Jakarta declares emergency as water levels rise
Indonesia has declared a state of emergency in waterlogged Jakarta after days of rain forced thousands to be evacuated, left five dead and affected nearly 100,000 others in the capital city's worst flooding since 2007.
Weather officials yesterday warned that the worst was not over, with more heavy rain expected in the next few days. Army special forces and firemen have been deployed to rescue the stranded.
Overnight torrential rains caused flash floods yesterday, forcing many people to abandon their homes and rescuers in lorries or dinghies to go to the aid of people stranded in offices or by the road.
Jakarta's busy city centre was not spared. Aerial footage showed the iconic fountain at the Hotel Kempinski traffic circle in the heart of the city surrounded by a sea of muddy brown water.
At the nearby presidential palace, where water reached nearly calf level, President Susilo Bambang Yudhoyono and the always-smartly-suited Foreign Minister Marty Natalegawa rolled up their trousers as they surveyed the grounds before welcoming Argentinian President Cristina Fernandez de Kirchner, here on a state visit. Today, Japan's new Prime Minister, Shinzo Abe, is due for a visit.
Dr Yudhoyono later climbed into a rubber boat and visited some of the affected areas. Residents cheered and applauded as he stopped at several places, including a village near the Ciliwung river, Jakarta's largest river, which has overflowed its banks.
"Jakarta is now being hit by major floods after not having one in the last five years. This time it seems worse... I have asked Governor Jokowi to do whatever it takes, and use all resources to handle this," he said.
More than 100mm of rain that fell overnight nearly paralysed the capital as the poor drainage system could not cope with the deluge.
Early morning traffic was brought to a standstill, preventing thousands of people from getting to work. By late morning, even train and bus services were halted.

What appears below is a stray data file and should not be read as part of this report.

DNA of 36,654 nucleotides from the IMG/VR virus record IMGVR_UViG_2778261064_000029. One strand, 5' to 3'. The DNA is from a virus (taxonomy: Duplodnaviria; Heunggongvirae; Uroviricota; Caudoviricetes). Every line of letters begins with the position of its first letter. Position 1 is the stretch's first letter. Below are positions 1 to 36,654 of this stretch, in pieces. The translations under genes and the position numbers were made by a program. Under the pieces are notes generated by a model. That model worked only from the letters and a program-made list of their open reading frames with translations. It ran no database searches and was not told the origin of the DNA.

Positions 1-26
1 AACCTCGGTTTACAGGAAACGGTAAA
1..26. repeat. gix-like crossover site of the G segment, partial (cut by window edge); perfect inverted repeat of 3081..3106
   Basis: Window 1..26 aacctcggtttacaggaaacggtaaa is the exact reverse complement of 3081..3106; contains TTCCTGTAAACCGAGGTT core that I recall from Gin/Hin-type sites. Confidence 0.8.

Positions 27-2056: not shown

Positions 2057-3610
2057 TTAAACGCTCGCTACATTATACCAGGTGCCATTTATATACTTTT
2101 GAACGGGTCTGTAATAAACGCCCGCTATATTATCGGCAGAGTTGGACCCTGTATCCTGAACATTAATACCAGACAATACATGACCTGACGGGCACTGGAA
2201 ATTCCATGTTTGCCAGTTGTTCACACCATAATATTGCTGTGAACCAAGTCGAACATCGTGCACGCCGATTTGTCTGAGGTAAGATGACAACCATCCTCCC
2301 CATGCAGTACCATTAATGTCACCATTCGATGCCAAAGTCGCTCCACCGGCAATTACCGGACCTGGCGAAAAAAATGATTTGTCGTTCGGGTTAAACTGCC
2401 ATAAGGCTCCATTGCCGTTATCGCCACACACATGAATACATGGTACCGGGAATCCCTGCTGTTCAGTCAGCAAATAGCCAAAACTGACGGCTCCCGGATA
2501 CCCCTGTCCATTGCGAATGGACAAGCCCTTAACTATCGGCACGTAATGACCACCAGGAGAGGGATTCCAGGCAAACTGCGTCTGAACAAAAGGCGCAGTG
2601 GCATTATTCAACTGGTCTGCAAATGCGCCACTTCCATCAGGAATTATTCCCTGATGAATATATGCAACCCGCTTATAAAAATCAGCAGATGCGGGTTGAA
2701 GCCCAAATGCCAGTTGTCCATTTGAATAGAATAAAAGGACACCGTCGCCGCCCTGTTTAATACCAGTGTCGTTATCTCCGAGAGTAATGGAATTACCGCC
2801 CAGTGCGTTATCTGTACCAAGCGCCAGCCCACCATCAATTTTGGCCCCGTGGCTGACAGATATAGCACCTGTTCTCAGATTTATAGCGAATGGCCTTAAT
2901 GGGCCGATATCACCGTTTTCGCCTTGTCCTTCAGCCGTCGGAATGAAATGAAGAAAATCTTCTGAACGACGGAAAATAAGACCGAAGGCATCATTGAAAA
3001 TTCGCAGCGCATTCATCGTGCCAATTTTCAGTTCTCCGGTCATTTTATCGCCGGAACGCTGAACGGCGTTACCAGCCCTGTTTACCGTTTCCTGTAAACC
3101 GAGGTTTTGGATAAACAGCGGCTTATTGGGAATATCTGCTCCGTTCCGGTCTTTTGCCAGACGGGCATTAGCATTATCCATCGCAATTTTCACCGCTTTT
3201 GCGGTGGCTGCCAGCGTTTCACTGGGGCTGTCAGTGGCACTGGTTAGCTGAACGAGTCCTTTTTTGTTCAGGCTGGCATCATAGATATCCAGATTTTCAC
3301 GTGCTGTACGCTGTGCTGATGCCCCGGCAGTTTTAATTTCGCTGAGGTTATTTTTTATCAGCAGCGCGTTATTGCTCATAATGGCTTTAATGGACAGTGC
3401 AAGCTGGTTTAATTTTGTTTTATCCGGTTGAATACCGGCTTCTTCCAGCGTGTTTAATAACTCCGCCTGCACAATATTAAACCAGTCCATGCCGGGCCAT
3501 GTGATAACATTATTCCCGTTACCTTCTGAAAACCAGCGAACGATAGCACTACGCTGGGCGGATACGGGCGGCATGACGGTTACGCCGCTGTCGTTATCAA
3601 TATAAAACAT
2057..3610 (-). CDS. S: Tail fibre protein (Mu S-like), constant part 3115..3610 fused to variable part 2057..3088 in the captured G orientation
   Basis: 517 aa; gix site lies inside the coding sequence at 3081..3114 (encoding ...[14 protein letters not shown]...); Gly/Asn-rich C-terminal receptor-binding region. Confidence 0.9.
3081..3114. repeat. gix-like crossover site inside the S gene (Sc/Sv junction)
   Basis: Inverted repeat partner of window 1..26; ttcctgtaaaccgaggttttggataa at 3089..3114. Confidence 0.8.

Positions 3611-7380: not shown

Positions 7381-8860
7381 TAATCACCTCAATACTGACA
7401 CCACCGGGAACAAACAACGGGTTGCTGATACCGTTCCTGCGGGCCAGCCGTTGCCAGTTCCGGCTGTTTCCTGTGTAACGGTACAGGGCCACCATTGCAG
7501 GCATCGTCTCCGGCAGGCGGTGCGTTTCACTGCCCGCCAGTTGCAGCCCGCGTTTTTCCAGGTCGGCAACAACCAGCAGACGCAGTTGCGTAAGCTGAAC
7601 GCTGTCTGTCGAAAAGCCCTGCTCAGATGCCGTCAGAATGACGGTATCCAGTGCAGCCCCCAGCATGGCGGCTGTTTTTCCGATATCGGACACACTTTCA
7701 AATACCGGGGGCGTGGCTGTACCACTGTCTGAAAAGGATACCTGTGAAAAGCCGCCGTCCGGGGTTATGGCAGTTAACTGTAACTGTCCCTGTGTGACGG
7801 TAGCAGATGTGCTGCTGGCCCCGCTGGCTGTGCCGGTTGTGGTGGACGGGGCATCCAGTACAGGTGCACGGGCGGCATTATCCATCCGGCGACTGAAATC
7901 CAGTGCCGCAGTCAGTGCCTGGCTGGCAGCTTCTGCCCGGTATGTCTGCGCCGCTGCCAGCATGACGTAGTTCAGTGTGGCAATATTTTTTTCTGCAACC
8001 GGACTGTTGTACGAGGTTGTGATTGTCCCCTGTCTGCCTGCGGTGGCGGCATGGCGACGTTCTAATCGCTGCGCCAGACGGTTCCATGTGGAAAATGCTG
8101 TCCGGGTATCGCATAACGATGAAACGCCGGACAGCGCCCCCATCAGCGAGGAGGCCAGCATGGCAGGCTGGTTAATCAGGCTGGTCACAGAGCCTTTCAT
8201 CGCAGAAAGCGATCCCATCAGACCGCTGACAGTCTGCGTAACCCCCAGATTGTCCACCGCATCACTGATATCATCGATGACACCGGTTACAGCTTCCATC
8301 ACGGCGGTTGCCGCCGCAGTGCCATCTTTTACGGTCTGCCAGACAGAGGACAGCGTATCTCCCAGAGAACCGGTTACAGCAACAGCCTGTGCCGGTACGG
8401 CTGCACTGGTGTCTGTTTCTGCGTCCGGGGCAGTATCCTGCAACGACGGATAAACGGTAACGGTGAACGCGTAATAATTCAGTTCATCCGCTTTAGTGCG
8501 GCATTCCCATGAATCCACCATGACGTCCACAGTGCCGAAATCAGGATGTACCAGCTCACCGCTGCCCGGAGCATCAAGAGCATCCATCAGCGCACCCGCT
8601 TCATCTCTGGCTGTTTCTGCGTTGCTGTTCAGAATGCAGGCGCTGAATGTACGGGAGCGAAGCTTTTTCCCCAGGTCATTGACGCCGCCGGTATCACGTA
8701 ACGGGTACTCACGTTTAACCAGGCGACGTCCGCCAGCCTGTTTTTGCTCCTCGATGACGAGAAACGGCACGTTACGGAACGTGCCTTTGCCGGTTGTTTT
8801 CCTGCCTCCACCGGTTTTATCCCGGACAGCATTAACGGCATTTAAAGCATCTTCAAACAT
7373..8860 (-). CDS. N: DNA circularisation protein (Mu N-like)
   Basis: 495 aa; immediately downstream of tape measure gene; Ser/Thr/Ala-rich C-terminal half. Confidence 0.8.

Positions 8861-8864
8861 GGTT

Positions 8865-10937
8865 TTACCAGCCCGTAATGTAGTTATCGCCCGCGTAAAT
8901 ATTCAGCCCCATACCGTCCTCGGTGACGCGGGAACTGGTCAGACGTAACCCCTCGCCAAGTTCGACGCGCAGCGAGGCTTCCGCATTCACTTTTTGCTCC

People who ventured out could be seen wading through waist-high water near the city centre.
The rains could get worse over the next few days, weather officials warned, as they advised residents to stay indoors and to reduce electricity usage.
There have been frequent blackouts, which at times cut off power to pumps that are being used to drain floodwaters and also to communications towers that emit signals for mobile phones.
Jakarta sits in a low-lying area with 13 rivers and more than 1,400km of man-made waterways, making it prone to flooding, according to the World Bank. About 40 per cent of the city's land area is below sea level.
"The state of emergency will remain until January 27... and it means we get priority help and emergency funds to purchase necessary items," Governor Joko Widodo, popularly known as Jokowi, told reporters yesterday. Police have already deployed nearly 3,000 personnel and 93 rubber boats to help.
The Indonesian retailers' association has estimated losses of 460 billion rupiah (US$47 million) due to the flooding, said state-run agency Antara.
Jakarta's Soekarno-Hatta airport remained unaffected though some roads leading to it were flooded. Its ports were also not shut.
The floods are a major test for Joko, who took office in mid-October and has made flood control one of his top priorities during his first 100 days in office.
Yesterday afternoon, he got a lift on a makeshift wooden cart after he visited the more severely flooded areas in the capital.
Pranksters sent out hoax text messages, including one which said that Joko had declared yesterday a public holiday because of the floods.
He denied this and instead appealed to the people to keep calm and not spread rumours.
The state of emergency, he explained, would help speed up the acquisition of tents, mobile toilets, water, blankets, fans and other necessary items without having to go through a tender first.
Already, several flood shelters have been set up across the city and are now housing some of the 16,000 people displaced by the floods.
One of those who did not go to work yesterday was Shirley Ho, 34, an accounts manager. She had been told to work from home instead.
The Singaporean, who has been working in Indonesia for two years, voiced the concern of many others when she said: "I'm very concerned about food running out. Already, some huge bottles of water are sold out in the mini-supermarket downstairs."